The Second Law orKaldor – Verdoorn Law states that the labour productivity in manufacturing sector (

LPMg)growth rate is highly influenced by the

MVAg, the faster

MVAgthen the faster

LPMgdue to increasing return to scale. The idea behind this formulation is that the bigger size of a certain sector the lower average cost of production, also from a dynamic point of view the effect that output has on capital accumulation and technical progress are vital in the context of increasing labour productivity.

There are two versions or two main ways of testing Kaldor-Verdoorn law, a faster growth rate of manufacturing output the faster rate productivity grows. The starting point would be a standard Codd-Douglas production function as follows:

Ym= KmαEmβ ..(3)

Where

Ymis manufacturing sector output, and

Kmα is the capital used as inputs in the manufacturing sector, and finally,

Emβis employment used as inputs in the manufacturing sector.

Differencing equation (3) after taking logs:

Log Ym= αKm+ βEm ..(4)

Alternatively, for simplicity:

ym= αkm+ βem ..(5)

Where kmand emare the growth rates of capital and employment in manufacturing, respectively. Productivity

Pmis the outcome of the difference between the output growth rate

ymand employment in manufacturing sector growth rate

em, as appears in equation (6).

pm= ym- em ..(6)

Rearranging equation (6) and substituting in equation (5):

ym= αkm+ β(pm- ym)

..(7)

pm= αβkm- 1-ββym

..(8)

Assuming that the ratio between capital and output is fixed

Rm=KmYm, taking logs and rearranging we get

km= rm+ ym. Substituting

km in equation (8) we get:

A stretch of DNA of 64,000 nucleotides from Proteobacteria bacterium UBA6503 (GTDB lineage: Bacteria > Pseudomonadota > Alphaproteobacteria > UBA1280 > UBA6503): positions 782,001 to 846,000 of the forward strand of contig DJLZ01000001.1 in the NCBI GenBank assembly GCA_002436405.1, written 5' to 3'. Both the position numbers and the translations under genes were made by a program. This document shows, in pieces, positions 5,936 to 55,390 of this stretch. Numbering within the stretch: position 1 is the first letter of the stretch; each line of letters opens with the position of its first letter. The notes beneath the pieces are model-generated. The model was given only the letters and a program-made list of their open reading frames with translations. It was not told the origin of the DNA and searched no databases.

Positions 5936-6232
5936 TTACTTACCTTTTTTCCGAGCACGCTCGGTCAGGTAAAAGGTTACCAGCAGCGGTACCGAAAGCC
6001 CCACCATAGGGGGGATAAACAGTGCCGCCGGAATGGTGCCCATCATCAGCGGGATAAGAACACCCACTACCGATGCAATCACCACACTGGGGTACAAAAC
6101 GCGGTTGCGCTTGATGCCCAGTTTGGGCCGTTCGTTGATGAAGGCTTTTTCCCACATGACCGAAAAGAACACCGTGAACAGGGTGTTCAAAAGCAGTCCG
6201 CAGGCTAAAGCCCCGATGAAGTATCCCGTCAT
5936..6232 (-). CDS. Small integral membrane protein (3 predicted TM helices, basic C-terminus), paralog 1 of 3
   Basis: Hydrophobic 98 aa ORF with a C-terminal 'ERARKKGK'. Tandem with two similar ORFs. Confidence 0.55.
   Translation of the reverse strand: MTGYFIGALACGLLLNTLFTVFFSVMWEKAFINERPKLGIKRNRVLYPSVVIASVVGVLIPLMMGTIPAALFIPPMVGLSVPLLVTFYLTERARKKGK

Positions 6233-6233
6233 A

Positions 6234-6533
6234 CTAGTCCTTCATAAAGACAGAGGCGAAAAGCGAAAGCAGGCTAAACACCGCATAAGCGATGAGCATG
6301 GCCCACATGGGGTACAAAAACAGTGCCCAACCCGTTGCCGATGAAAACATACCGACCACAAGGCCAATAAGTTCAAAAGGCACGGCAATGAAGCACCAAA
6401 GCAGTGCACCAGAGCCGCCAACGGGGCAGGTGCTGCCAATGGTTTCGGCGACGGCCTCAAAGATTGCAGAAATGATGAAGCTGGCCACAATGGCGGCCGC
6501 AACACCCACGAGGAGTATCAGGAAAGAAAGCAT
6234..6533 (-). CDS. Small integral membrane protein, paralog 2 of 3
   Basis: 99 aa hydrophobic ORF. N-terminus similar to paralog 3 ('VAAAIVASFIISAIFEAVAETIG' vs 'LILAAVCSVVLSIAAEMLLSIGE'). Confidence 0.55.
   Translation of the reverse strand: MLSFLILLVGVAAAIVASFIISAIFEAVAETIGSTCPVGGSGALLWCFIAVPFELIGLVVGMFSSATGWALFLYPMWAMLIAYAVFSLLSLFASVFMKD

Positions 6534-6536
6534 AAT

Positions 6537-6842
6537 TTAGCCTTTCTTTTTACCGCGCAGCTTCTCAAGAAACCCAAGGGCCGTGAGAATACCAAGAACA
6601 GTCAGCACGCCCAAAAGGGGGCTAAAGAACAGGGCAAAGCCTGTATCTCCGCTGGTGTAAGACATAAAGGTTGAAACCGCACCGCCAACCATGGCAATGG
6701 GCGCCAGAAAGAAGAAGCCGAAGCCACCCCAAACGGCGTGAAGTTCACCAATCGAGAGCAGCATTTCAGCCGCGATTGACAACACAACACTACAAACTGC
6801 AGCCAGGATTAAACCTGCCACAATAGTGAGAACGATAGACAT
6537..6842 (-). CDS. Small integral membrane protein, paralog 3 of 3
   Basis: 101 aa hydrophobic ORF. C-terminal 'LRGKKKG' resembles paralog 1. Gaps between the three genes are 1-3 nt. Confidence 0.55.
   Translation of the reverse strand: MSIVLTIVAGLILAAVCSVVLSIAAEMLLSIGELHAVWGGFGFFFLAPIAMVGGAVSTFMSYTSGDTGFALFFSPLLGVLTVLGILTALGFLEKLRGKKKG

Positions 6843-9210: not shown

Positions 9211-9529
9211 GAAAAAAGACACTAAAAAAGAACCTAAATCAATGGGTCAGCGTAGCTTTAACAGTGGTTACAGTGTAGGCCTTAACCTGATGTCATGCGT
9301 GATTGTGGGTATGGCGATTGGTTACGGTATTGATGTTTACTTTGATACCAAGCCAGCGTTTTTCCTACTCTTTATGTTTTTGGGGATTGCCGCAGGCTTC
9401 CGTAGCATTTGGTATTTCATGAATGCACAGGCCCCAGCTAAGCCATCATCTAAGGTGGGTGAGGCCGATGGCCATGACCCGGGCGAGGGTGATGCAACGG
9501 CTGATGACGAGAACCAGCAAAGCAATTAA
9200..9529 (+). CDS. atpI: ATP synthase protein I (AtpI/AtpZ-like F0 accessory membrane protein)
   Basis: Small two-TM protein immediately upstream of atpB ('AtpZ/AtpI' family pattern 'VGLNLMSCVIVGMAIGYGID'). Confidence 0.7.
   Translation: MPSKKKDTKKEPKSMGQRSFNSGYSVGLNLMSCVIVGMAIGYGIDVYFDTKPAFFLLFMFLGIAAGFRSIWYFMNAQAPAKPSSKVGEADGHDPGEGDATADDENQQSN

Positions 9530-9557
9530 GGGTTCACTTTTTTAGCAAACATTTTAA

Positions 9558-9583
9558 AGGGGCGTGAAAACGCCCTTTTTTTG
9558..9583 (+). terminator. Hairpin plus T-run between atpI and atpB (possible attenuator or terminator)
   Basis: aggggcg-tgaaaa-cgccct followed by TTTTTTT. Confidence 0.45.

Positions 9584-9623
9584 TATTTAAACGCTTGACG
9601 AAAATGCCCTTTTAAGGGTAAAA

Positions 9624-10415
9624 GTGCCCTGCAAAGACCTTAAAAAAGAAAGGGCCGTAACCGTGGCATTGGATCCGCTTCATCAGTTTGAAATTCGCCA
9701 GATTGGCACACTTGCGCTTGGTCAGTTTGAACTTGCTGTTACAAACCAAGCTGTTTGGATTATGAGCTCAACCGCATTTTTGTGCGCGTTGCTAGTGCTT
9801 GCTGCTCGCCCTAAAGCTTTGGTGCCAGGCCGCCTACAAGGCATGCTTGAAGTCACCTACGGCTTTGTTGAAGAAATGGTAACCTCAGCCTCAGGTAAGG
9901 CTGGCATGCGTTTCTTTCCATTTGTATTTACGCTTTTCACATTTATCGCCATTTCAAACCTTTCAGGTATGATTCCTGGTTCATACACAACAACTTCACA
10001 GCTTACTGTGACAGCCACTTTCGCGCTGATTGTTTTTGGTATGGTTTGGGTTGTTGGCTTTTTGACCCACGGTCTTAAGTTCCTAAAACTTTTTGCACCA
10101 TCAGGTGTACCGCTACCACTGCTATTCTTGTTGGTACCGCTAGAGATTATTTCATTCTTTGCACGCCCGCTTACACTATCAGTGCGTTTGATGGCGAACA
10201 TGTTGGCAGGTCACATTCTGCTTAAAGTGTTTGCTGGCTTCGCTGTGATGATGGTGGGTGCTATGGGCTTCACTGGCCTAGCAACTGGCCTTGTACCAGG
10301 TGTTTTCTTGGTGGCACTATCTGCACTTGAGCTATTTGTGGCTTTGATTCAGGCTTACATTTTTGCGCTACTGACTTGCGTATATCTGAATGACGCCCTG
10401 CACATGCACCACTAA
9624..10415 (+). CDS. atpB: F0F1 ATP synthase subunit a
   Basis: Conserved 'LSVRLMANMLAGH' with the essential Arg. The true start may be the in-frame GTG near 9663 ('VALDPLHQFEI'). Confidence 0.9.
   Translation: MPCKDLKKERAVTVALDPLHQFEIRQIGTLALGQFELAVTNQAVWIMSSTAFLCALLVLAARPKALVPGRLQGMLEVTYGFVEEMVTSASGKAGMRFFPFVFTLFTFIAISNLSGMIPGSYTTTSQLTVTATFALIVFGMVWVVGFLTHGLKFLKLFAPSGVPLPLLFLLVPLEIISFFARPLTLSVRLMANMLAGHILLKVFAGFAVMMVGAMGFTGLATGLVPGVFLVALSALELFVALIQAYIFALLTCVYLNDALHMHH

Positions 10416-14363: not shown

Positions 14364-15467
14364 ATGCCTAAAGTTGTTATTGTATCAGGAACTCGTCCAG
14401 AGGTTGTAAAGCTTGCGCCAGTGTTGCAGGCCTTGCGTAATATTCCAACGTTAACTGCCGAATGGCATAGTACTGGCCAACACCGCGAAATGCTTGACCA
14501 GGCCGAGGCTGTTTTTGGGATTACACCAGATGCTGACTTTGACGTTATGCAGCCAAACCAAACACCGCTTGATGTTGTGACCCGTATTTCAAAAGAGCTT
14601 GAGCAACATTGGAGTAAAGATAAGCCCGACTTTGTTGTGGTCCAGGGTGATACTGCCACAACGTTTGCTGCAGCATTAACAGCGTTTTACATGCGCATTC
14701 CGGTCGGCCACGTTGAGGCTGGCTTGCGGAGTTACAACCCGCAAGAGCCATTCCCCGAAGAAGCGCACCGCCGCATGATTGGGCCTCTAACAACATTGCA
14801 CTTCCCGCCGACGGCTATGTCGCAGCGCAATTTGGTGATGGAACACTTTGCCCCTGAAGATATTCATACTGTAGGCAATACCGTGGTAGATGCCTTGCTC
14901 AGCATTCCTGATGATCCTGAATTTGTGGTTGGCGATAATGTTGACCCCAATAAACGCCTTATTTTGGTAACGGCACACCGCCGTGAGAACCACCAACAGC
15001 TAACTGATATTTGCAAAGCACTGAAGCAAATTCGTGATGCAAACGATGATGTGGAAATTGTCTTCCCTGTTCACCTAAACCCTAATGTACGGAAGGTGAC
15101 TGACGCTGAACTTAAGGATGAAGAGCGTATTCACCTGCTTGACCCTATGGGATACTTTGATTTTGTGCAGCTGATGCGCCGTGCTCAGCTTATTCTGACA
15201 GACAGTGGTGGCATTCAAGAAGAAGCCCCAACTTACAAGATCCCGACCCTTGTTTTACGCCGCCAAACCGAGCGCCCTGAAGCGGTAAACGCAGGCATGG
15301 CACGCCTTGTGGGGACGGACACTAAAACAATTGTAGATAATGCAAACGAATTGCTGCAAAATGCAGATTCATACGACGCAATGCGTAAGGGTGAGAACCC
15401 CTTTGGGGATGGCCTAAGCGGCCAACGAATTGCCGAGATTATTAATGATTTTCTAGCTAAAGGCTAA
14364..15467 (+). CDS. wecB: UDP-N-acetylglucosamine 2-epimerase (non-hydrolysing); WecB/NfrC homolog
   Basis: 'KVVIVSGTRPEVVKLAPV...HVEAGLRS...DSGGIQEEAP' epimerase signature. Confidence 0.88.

pm= αβrm- α-(1-β)βym

..(9)

pm=b0+b1 ym..(10)

or as in most empirical studies:

p=b0+b1 ym

..(11)

The second version of Kaldor – Verdoorn law was suggested by Kaldor; The model is simply derived by substituting equation (6) in equation (10), then rearranging to get:

em= -b0+(1-b1)ym

..(12)

Equations (11) and (12) reflects the same relationship since

pm= ym- em. in fact, Kaldor’s results for both equations were very close. He concluded that there exist a Verdoorn relation beteween all sectors except Agriculture and mining sectors are not statisticaly accepted. The value of

b1in equation (11) was 0.484 and in equation (12) was 0.516 and R2 was 83% and 84% for the two equations respectivly.

The Kaldorian version of the law criticised by (Rowthorn, 1975) and (McCombie, 1983)  they raised questions as What is the exogenous variable: output growth or employment? Moreover, is the direction of causation

pmto

gdpmthrough the relative prices or the other way around through return to scale. Another issue raised by (McCombie, 1983) that the previous charactaristics showed be applied on total productivity ratther than manufacturing productivity (McCausland and Theodossiou, 2012).

The Third law could be derived the same way as the second law (i.e., cobb-Douglas function) as shown in equation (13):